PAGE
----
Guest Post by CreditRepair.com The financial realities of living in modern America just don’t quite add up for an ever-increasing percentage of the population. Among America’s working poor—folks in financial need who are just simply unable to access traditional avenues like bank loans or credit cards—the often cruel world of the payday loan industry is a grim reality. Even worse, for those who have to rely on short-term, high-interest loans to make ends meet, the implications are particularly bad for their credit scores and, ultimately, their ability to interact with banks and legitimate credit cards. Recent research from the Pew Charitable Trust suggests that the scope of payday loans is even more severe than imagined, with some 12 million loans taken out each year, amounting to more than $7 billion in fees. On average, a typical payday loan user ends up being in debt approximately five months out of the year, with fees that boil down to approximately $575 to take out and repay an average of $375, over and over again. Studies suggest that typical payday loan customers earn an average of $30,000 or less a year, and of those, some 58 percent are having difficulties meeting their monthly expenses. Quick Money Is Often a Necessity We all face unexpected money issues from time to time: medical costs, a broken-down car, appliances that suddenly go out of service or travel costs. But for those folks who live paycheck to paycheck, the appeal and relative simplicity of a payday loan keeps them caught in the loop. It’s a matter of basic finances in action: If the money you have coming in is smaller than the money you owe, the cycle never ends, and you’ll always be left scrambling to try to keep up with the costs. The particularly cruel part of the payday loan business, besides its reliance on customers who have run out of other options, is the high interest rates charged for those loans, small as the loan amounts may be, all things considered. The Obama Administration passed rules creating the Consumer Financial Protection Bureau, which sought to help limit the often outrageous interest fees charged by payday lenders; but as the avenue of last resort for so many consumers, even the more limited fees can create insurmountable financial issues. Long-term Impacts on Credit For those trying to break free of the borrow-repay-borrow cycle, the biggest issue is credit, and a positive credit score. Those with poor credit already are more likely to end up using payday loans rather than traditional banking resources. And by using payday loans and scrambling to pay all that extra money in interest, fees and service charges, those consumers are unable to address their underlying financial issues. Good credit depends on factors including your ability to pay back loans on time, but is also contingent on demonstrating a responsible balance of credit, low credit utilization rates and even maintaining credit card accounts for an extended period. Caught in the cycle of borrowing more than they earn to stay in the black, payday loan users find it difficult to make the steps necessary to rebuild their credit and getting their heads above water. Help is available, however, and a credit repair company can offer some management tools and advice, as well as assistance in clearing up items that might be dragging down your credit score.
Believe it or not, there is one number that can control a great deal of what you can and can't buy. It's not the number in your bank account; it's your credit score. Your credit score is a number that rates you based on your credit habits. The most common type of credit score is the FICO score, which is a number ranging from 300 to 850. To create your FICO score, an algorithm measures your credit habits based on your payment history, amounts owed, type of credit, duration of account, and frequency of credit applications. There's a major problem, though. A study by the Federal Trade Commission has shown that five percent of consumers has an error on one of their credit report that will create less favorable loan terms. That means of the 242 million adults living in the United States, nearly 12 million may have an inaccuracy on a credit report. This is more than the entire population of Sweden. Concerning? Absolutely. Consumers can potentially be charged thousands of dollars through an error on their credit report, and this happens more often than you think. This doesn't mean that thousands of dollars are suddenly going to disappear from your bank account; but most of that money is lost due to the charge of substantial interest rates and loan terms. You see, because your credit score reflects your credit habits, your credit score will affect what loans you can take out, what apartments you can rent, what kind of insurance you can afford, what employers will hire you, and so on. The money you could potentially lose due to tall interest rates and long loan terms could add up to thousands over time. What Credit Repair Does So how do you dispute unfair errors on your credit report? That's what credit repair companies are for. Credit repair companies exist for the sole purpose of disputing unfair and untruthful claims on credit reports. They usually consist of a team of credit experts that go to battle for you against the three major credit bureaus (Experian, Equifax, and TransUnion) and charge a monthly retainer for their services. Since it can be hard to know if you've reached the point of needing a credit repair company, The Balance has put together a useful list to explain a few signs: You've been denied for credit Your electricity is in someone else's name Debt collectors are calling you You can't find anyone to co-sign your loans Your credit report is keeping you from getting a job Landlords won't rent to you You're afraid to check your own credit report Your credit score is low (under 650) Your interest rates keep going up Card issuers are closing your credit cards Buyer Beware If you need credit repair, be careful. You've probably seen ads on TV and in your social media feed urging you to call immediately under the guise of "fixing your credit 100% guaranteed" or "removing bankruptcies, liens, and bad loans from your file forever." Also look to see if a company pressures you to pay upfront fees, promises to remove negative info from your credit report, won't explain your rights to you, or tells you not to contact credit reporting companies. A good rule of thumb is if it sounds too good to be true, it probably is. Though some of these phony businesses exist, there are a handful of reputable credit repair companies that stand at the ready to help you. If a few of the points above apply to you, it might be time to call a reputable credit repair company. Here's the breakdown of the process: Analysis. Credit repair companies will evaluate your credit score by pulling your credit reports from the three major credit bureaus: TransUnion, Equifax, and Experian. When a credit repair professional acquires your credit reports, they can find inaccurate negative information that has been recorded by one of the credit bureaus. Credit repair pros pull credit reports from all three major bureaus because each bureau has its own "data furnishers" that collect credit information. Legal Action. At this point, your credit repair expert will be able to analyze your credit reports with you and find inaccurate information that may be hurting your score. When that's been analyzed, the expert can take legal action against the credit bureaus for erroneous charges placed on your credit report. For this reason, it's best if a credit repair company has legal staff such as attorneys and paralegals on board. Sometimes these erroneous charges can be as serious as violations of the Fair Debt Collection Practices Act (FDCPA) or the Fair Credit Reporting Act (FCRA). If this is the case, a customer may be entitled to compensation of $1,000. Credit Bureau Investigation. When legal action is taken against a credit bureau, the credit bureau is charged to investigate the problem. Each charge could take between 30 and 45 days to resolve. For this reason, most credit repair companies charge a monthly retainer for their services, which can range anywhere from $50 and $150. Resolution. This takes time. Some consumers will see improvements on their score in a matter of months, but to see their credit fully restored, the process could take years. Again, credit repair experts can do much of what consumers can't when it comes to pressing legal action for erroneous charges, but it's up to the consumer to practice smart spending habits such as quickly making payments and not spending more than one-third of a credit card's max limits. A list of reputable credit repair companies, ranked from best to worst, can be found at BestCompany.com.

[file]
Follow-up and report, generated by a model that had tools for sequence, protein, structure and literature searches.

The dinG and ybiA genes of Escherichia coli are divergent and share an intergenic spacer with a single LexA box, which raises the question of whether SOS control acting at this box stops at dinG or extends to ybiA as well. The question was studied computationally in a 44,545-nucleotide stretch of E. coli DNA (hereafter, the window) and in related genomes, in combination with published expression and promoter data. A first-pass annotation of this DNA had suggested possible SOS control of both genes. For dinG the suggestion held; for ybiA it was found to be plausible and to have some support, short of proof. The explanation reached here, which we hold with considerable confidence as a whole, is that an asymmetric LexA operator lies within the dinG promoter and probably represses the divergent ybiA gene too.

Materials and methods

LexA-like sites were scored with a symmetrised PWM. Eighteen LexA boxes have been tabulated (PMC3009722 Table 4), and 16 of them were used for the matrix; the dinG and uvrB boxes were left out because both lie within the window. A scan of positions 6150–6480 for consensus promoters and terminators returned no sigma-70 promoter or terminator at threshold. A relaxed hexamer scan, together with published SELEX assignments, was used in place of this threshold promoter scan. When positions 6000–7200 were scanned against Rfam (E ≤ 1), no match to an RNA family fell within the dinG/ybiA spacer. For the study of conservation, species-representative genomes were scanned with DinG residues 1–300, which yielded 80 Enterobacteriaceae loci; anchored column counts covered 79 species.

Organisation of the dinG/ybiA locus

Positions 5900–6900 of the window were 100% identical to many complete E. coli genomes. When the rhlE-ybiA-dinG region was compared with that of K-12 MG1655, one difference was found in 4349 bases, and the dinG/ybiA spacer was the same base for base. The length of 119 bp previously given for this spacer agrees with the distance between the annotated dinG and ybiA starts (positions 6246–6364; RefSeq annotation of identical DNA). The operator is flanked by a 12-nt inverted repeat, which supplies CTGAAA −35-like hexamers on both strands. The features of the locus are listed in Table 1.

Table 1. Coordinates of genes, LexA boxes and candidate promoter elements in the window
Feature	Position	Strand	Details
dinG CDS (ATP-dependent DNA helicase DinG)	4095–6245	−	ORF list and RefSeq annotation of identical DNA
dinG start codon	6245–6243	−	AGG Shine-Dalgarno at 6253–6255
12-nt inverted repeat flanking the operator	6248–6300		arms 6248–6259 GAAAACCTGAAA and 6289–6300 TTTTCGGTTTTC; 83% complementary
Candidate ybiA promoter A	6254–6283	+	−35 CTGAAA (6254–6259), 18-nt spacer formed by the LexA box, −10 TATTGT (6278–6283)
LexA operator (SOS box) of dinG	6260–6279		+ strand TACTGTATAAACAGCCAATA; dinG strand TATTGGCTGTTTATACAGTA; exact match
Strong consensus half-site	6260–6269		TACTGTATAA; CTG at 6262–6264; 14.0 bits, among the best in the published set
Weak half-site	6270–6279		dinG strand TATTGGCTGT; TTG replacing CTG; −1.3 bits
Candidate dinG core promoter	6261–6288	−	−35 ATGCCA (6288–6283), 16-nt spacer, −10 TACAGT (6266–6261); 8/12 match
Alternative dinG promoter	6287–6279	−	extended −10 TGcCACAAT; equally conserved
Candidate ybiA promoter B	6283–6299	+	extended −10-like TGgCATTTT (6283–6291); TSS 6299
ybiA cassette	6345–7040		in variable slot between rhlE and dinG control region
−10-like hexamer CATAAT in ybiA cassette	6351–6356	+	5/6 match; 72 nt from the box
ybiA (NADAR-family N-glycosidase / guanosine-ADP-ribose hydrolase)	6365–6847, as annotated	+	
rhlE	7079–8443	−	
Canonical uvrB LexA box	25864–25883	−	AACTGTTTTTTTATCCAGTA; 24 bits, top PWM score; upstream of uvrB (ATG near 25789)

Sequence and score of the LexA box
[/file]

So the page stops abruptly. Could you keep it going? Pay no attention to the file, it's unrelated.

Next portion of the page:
Say you've just been offered the job of your dreams! You're excited! The employer's excited! But just before your new employer can officially offer you the job, he or she asks you to fill out a background check form, and included in that form is the authorization for the employer to view your credit report. While checking a potential employee's credit history is not as popular as it was once, the practice is not altogether uncommon. According to a 2012 report from the Society for Human Resource Management (SRHM), approximately 47% of employers conduct credit background checks on potential employees. They do this for a number of reasons: sometimes to check for criminal history, but mostly to see how well you manage your personal finances, which can say a lot about you. What Potential Employers Can See Currently, 11 US states (California, Colorado, Connecticut, Delaware, Hawaii, Illinois, Maryland, Nevada, Oregon, Vermont, and Washington) restrict or prohibit employers from conducting credit-based background checks in most circumstances. The credit reports potential employers can access (with your written consent) do not contain any personal information such as your age, credit score, or financial account numbers; however, he or she can see the sources and types of credit that compose your profile. What Derogatory Items Say to Potential Employers Having a negative item on your credit report does not necessarily disqualify you from consideration for most jobs-in fact, nearly 80% of employers polled in the SHRM's survey reported hiring someone in spite of derogatory marks; however, depending on the industry, the quantity and quality of negative credit items on your credit report sends certain messages to an employer that your resume does not. Among other things, a healthy credit report speaks to your integrity, not just as a potential employee but also as a person. Negative items on your report such as bankruptcies, judgments, and delinquent payments can suggest varying levels of irresponsibility, untrustworthiness, and overall high risk. Jobs Where Credit History Really Matters As mentioned before, not every employer requires a background check before considering you for a job; however, some industries rely on the integrity of their employees far more than others-especially when it comes to money or security. Mortgage Professionals One of the most lucrative positions in the mortgage industry is the mortgage loan originator; however, this position requires a license. And according to the Nationwide Mortgage Licensing System and Registry, your credit and debt history can play a major role in your licensure. If you have poor credit, you could be denied a license; if your credit has been damaged after the fact, your license could be revoked. Good credit is an important indicator of financial responsibility and character-and in light of the 2008 mortgage crisis, these have become crucial qualities in this profession. Finance If your goal is to become a CPA, auditor, or any profession in which you will have access to sensitive financial information, your own credit history must be above reproach. Simply put, good credit shows that you're actually good at handling money. It also implies integrity, a major requirement in the finance industry. Bankruptcies and late payments on your record, meanwhile, make you a risky hire in the eyes of most financial employers. Military/Government Any job that requires a government security clearance is going to require a thorough background check-and your credit history does play a role in your chances of getting hired. These jobs include all the branches of the military, the Transportation Service Administration (TSA), and other positions in both state and local government. According to the TSA's job application form, if you have more than $7,500 in delinquent debt, delinquent student loans, tax liens, judgments, or child support, you might as well not apply. Law Enforcement Speaking of security, law enforcement is another area where background checks, including credit-based background checks, play a significant role. Infrequent and occasional hits to your credit report do not usually warrant denial or termination from a law enforcement position, but a pattern of irresponsible behavior (particularly when it comes to debt) is a red flag. According to Richard Weinblatt, dean of the School of Public and Social Services at Ivy Tech Community College, law enforcement officials under incredible financial duress are more open to bribes and other forms of corruption. What You Can Do Whether or not your future plans involve any of the industries above, your credit report is still an important part of your future success. It can affect your ability to get a loan, to buy a house, and so much more. So before you start sending out your resume, here are some steps you can take to ensure that your credit status is healthy. Get to Know Your Credit Report According to a 2013 report from TransUnion (one of the three major credit bureaus), one-third of Americans have never checked their credit reports, with another 25% reporting they haven't checked their reports in at least a year. If you don't know your credit score or what shows up on your credit report, find out today! You can access a free credit report every 12 months through AnnualCreditReport.com. Your credit report will tell you a few things: A list of companies that have given you either credit or a loan The total amount of each loan, and the size of each credit limit The frequency, amount, and timeliness of each loan or credit payment you've made Foreclosures, bankruptcies, tax liens, late payments, judgments, and other delinquent payments Checking your credit report is also important in the event of identity theft. If someone else is using your identity, your bank accounts, or other personal information to start new accounts, you're credit report will reflect that. Start Building Good Credit Today To know how to build good credit, it's important to know what goes into your credit score. According to Mint.com, your credit score is determined by a number of factors: Credit Usage What percentage of your credit limit are you actively using? Do you regularly max out your credit cards? In order to build good to excellent credit, you'll want to keep this number below 40 percent (ideally under 20 percent). A higher percentage indicates that you have little control over your spending habits. Payment History Your payment history records the number of total payment you've made versus the number of those payments that are late. Minimizing late payments demonstrates your reliability (both to lenders and future employers). If you make 100 percent of your payments on time, you're in good shape; anything less than 97 percent and you're in trouble. Average Age of Credit While the age of your credit accounts has a medium impact on your score, it's still a pretty important indicator of your creditworthiness. An average credit age of nine years or more is ideal; if you are opening and closing several credit accounts in a short period of time, tells creditors and employers that you are a high risk borrower/employee. Account History Meaning, the number of accounts (both open and closed) under your name. Having 22 or more accounts over a long period of time (e.g. credit accounts, loans, or investments) is a good indicator of creditworthiness. BUT BE WARNED: opening several credit accounts at once can drive your score down. Credit Inquiries A large number of "hard" credit inquiries (where you give a lender permission to pull your credit report) can drive your score down. Meanwhile, "soft" inquiries (where you provide the credit report yourself) do not affect your credit score at all. Derogatory Marks As mentioned above, derogatory marks will negatively affect your credit score, your ability to secure loans, and potentially your livelihood. Derogatory marks, unless disputed, can stay on your credit report for seven years or more. If Necessary, Seek Credit Repair If after looking through you credit reports-one each from Equifax, TransUnion, and Experian-you discover inaccuracies or outdated information, you have the option to dispute these items, either on your own or through a professional credit repair company. While credit repair is no guarantee that you can raise your credit score by deleting inaccuracies from your report, it does provide an opportunity to clean up your credit history, and in some cases, land that job you've been looking for.